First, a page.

Are you fascinated by the constantly changing panorama of the sky? Would you like to try your hand at amateur weather forecasting?
A great starting point for those with an interest in the weather is The Weather Wizard’s Cloud Book by Louis D. Rubin Sr. and Jim Duncan. This book will help you learn how to identify the different cloud types through explanations and color plates. Then the topic shifts to wind direction and what it means. These two keystones (cloud types and wind direction) form the basis of amateur weather forecasting.
But the authors do not stop there. In easy-to-understand terms, they explain fronts, storms, and optical effects in the atmosphere, providing an excellent introduction to weather phenomena. They also address weather folklore:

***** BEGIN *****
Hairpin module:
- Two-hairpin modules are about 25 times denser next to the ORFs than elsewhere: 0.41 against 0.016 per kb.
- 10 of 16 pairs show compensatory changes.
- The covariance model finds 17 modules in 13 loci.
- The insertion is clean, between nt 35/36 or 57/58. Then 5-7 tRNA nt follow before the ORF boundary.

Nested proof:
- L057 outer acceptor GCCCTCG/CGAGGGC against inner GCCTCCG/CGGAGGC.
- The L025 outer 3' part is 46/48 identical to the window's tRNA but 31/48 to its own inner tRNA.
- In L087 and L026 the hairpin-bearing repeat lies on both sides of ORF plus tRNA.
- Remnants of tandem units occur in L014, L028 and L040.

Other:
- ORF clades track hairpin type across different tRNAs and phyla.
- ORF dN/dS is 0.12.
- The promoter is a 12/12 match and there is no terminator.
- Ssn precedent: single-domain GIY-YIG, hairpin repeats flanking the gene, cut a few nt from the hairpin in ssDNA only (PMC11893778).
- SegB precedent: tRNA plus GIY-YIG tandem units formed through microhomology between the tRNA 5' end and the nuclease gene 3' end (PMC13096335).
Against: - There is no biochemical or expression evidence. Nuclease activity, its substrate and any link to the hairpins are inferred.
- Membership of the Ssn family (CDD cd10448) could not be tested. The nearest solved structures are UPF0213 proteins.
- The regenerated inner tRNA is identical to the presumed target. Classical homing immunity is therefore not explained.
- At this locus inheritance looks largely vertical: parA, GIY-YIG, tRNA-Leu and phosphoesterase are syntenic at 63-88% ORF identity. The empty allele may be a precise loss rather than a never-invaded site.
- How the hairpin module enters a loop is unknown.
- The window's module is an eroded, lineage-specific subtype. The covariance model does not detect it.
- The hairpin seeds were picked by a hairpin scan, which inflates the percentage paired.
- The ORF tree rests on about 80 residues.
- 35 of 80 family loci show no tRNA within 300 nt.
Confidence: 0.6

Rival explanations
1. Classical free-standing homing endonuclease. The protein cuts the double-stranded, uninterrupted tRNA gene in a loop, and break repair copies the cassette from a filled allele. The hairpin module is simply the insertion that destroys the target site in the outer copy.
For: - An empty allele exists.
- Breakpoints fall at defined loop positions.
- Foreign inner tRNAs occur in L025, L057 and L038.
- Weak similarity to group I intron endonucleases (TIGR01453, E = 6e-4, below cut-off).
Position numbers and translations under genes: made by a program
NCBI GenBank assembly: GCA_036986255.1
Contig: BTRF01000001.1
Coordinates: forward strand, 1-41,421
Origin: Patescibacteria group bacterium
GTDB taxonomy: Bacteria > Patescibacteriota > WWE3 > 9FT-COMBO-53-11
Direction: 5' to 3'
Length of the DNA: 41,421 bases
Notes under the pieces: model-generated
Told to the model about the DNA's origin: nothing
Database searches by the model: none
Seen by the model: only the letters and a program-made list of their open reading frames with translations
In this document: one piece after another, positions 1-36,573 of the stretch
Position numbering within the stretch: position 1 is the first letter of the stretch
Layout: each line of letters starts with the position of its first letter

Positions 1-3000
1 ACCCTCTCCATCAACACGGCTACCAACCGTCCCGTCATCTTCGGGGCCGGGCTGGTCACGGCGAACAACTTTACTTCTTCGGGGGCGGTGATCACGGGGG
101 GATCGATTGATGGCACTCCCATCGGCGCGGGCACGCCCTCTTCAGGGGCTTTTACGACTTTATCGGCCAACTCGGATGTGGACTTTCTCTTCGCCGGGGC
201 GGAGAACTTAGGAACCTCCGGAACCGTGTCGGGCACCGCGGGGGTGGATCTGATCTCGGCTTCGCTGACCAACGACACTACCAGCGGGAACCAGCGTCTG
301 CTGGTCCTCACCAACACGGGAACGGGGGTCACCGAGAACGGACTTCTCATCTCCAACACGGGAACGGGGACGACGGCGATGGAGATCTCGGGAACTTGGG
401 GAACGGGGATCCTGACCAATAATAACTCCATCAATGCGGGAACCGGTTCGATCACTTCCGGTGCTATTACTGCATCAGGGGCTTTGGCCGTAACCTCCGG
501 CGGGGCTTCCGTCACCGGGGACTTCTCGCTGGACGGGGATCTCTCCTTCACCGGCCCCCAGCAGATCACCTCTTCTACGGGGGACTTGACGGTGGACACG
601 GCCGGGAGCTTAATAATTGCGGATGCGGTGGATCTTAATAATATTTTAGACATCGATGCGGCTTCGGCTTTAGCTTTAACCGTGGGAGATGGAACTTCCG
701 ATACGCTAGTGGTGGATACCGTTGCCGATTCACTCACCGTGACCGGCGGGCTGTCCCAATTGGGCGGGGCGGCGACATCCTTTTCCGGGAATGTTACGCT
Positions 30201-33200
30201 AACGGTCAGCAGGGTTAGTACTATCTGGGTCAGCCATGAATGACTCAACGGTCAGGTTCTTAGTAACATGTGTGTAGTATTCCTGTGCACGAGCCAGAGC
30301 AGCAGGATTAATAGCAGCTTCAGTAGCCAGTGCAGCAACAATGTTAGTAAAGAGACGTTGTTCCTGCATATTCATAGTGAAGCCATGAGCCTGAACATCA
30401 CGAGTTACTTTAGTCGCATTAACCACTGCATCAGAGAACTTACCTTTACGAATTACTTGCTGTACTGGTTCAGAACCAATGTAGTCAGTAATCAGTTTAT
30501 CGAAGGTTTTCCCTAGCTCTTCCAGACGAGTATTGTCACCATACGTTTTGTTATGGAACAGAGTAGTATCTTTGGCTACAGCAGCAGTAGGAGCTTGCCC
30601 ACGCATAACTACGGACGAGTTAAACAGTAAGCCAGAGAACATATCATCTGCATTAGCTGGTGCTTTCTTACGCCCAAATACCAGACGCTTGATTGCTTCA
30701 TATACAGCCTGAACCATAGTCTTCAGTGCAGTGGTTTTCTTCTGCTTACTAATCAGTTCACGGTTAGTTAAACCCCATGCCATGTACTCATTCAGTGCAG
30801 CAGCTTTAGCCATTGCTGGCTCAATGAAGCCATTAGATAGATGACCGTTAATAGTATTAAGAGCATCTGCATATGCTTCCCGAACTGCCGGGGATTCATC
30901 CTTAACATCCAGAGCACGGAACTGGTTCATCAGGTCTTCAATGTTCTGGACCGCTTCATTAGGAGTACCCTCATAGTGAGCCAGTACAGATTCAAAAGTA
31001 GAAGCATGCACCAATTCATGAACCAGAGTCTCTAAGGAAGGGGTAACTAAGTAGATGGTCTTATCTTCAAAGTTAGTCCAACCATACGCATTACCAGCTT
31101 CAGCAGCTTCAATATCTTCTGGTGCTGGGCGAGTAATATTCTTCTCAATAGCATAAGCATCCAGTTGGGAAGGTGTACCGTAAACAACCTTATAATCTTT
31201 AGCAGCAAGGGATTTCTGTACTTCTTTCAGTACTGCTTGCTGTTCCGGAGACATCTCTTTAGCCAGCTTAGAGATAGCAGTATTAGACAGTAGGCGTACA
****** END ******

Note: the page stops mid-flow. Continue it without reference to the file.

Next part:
- Woolly bears.
- Mackerel skies.
- Red in the morning.
By carefully studying the information and color plates throughout the book, you may be well on your way to predicting the weather accurately.
Update: Unfortunately, this diary appears to be out of print. We now recommend The Old Farmer’s Almanac Weather Notebook, a beautiful, sturdy four-year journal in full color. The Weather Notebook has room for recording current conditions, temperature, precipitation, wind speed, barometric pressure, humidity, and special weather or personal events. It also includes amazing photography, fascinating information on how weather works, and a daily dose of weather folklore.